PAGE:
Metsola’s charm offensive brings European election campaign to life – Reuters

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THE HAGUE — Roberta Metsola never explicitly asked for their votes, but the European Parliament president was clearly campaigning.

“Ask me anything,” she said, kicking off a forum Thursday night with around a thousand Leiden University students, going through questions on everything from the war in Ukraine to the Qatargate corruption scandal, and bringing a bit of a rock star feel to the crowded boardroom.

The Maltese EU lawmaker was in the Netherlands for a two-day trip to drum up interest in the 2024 European elections – and, perhaps, to boost her own profile amid rumors she is eyeing the work of Ursula von der Leyen as head of the EU executive. She notably made a pit stop on Friday morning to visit Dutch Prime Minister Mark Rutte, one of the EU’s top leaders, who hailed Metsola as “efficient” and “strong”.

It was essentially an unofficial campaign kick-off, kicking off a year of political maneuvering ahead of the 27 national votes that could trigger a reshuffle of key EU posts – and determine the future of Metsola.

“It’s not enough for you to vote, your friends must vote,” Metsola implored the students. “And if they don’t want to, ask me and I will contact them.”

Metsola presented herself more as an ambassador of European democracy than as a political activist.

“Rather than a campaign – when I was elected I said that I wanted to burst the Brussels and Strasbourg bubble: that’s what I meant, by being here and doing that all over the world. ‘Europe,” Metsola told reporters on Friday morning.

Yes, EU can

Metsola, 44, easily connected with the young crowd, garnering laughs and keeping students’ attention while recounting a host of personal anecdotes about her first unsuccessful attempt to be elected as an MEP at 24; her large Maltese family (she has four sons, whom she drives to school every day — and 26 first cousins); and her experience as a woman in politics.

A former electoral law student, she told them that she is an election freak who devours political biographies. She is currently reading a book by former Obama speechwriter David Litt.

“The reason I’m here is because I want to convince you to vote, to potentially run for office, to fight for a cause you believe in,” she told the young people gathered there. -down.

A Ukrainian student named Yana, 24 (who, like other students interviewed, did not provide a surname) said she had lived under the Russian occupation of Bucha – released exactly a year ago right after Metsola’s visit to Kyiv – and thanked the president for her. support. “Roberta is very inspiring, very bright, very easy going. She seems very human,” Yana told POLITICO after the talk.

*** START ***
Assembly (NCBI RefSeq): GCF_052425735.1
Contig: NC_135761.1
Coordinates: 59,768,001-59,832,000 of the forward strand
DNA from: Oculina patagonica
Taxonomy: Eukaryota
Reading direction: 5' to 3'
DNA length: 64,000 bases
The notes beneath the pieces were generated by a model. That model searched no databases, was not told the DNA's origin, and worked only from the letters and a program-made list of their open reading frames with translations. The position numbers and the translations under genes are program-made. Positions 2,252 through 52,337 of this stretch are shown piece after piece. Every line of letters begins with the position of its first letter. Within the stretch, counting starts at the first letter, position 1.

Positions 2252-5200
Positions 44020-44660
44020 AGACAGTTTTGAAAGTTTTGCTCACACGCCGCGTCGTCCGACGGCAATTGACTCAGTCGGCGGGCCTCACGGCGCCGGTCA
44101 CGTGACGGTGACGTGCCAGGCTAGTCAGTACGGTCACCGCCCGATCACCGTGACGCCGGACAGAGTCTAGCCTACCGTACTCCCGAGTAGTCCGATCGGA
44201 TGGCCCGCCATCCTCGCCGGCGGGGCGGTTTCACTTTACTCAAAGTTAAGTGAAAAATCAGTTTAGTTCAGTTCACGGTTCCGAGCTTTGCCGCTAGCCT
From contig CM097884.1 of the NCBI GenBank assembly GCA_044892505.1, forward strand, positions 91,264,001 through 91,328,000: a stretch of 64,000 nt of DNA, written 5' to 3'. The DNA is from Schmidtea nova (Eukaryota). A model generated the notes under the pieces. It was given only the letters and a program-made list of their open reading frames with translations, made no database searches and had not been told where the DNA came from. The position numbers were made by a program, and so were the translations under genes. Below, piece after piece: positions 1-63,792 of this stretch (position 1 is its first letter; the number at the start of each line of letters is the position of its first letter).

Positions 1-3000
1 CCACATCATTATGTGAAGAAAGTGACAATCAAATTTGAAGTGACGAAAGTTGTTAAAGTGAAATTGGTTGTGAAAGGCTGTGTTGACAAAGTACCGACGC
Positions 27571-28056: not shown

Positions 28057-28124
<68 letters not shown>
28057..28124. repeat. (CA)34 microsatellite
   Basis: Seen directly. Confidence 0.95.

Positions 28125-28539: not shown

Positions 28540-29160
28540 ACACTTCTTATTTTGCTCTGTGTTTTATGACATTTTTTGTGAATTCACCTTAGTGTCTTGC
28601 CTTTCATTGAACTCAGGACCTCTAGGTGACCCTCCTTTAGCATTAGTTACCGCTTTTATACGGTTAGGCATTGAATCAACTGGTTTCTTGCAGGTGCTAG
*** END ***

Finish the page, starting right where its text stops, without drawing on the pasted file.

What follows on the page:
Roberta Metsola was asked if her trip meant she was now officially in campaign mode | Frédérick Florin/AFP via Getty Images

Metsola’s views on migration and LGBTQ+ rights resonated with the savvy student crowd, who also saw his visit – just over a year before the election – as more than a simple disinterested plea for democratic engagement.

“You could see that she was already campaigning for 2024, because she first told us that you can go and vote, and that it is important to hold your politicians accountable for what they do,” said said Ilan, a 22-year-old French student majoring in public administration.

“So I think that was probably a way of saying, I can be held accountable for my program and I keep my promises,” he said.

Isabel, a 21-year-old studying international relations, said Metsola’s personal approach was “very charismatic” – even acknowledging it as a concerted strategy to connect with younger voters like her. “To me, that’s always a sign that she’s a politician, because she’s kind of trying to get us to sympathize with her.”

The most divisive question of the evening came from Gijs, a tall student in a white shirt and black waistcoat, who said, “If I say I did a Q&A with Roberta Metsola, most people would just say : ‘Who is this ?’ So my question would be: what is the European Parliament going to do to bridge the gap between the EU and the average citizen? »

His question partly referred to an apparent gap between politics and reality in the so-called nitrogen crisis, where Dutch farmers strongly oppose EU environmental laws.

“We need to explain it more, I understand,” Metsola said, adding that not all EU national parliaments outside the Netherlands have a healthy enough culture of debating new EU laws. and how they can impact sectors like agriculture.

Asked on Friday whether her trip meant she was now officially in campaign mode, Metsola said: “Rather than a campaign, when I was elected I said I wanted to burst the Brussels and Strasbourg bubble: that’s what I meant by being here and doing this all over Europe.

After the Q&A session, Metsola headed for the exit amid a crowd of students gathered around her demanding selfies.


For more survey data from across Europe, visit POLICY Survey of surveys.

The next morning, she received a resounding endorsement from Prime Minister Rutte, despite the fact that they belong to different political families at EU level. (Rutte is part of the liberal Renew faction, while Metsola hails from the center-right European People’s Party.)

Rutte praised Metsola before inviting him to his office, saying he was “really impressed” with his work as leader of parliament. “The way you present your case to the European Council at every meeting we have… is very impressive,” he told reporters outside his office on Friday morning.

So should she become president of the European Commission or get a second term as head of parliament? “Obviously what the status will be of all the roles that everyone will take on after the election, we don’t know,” the Dutch leader said.


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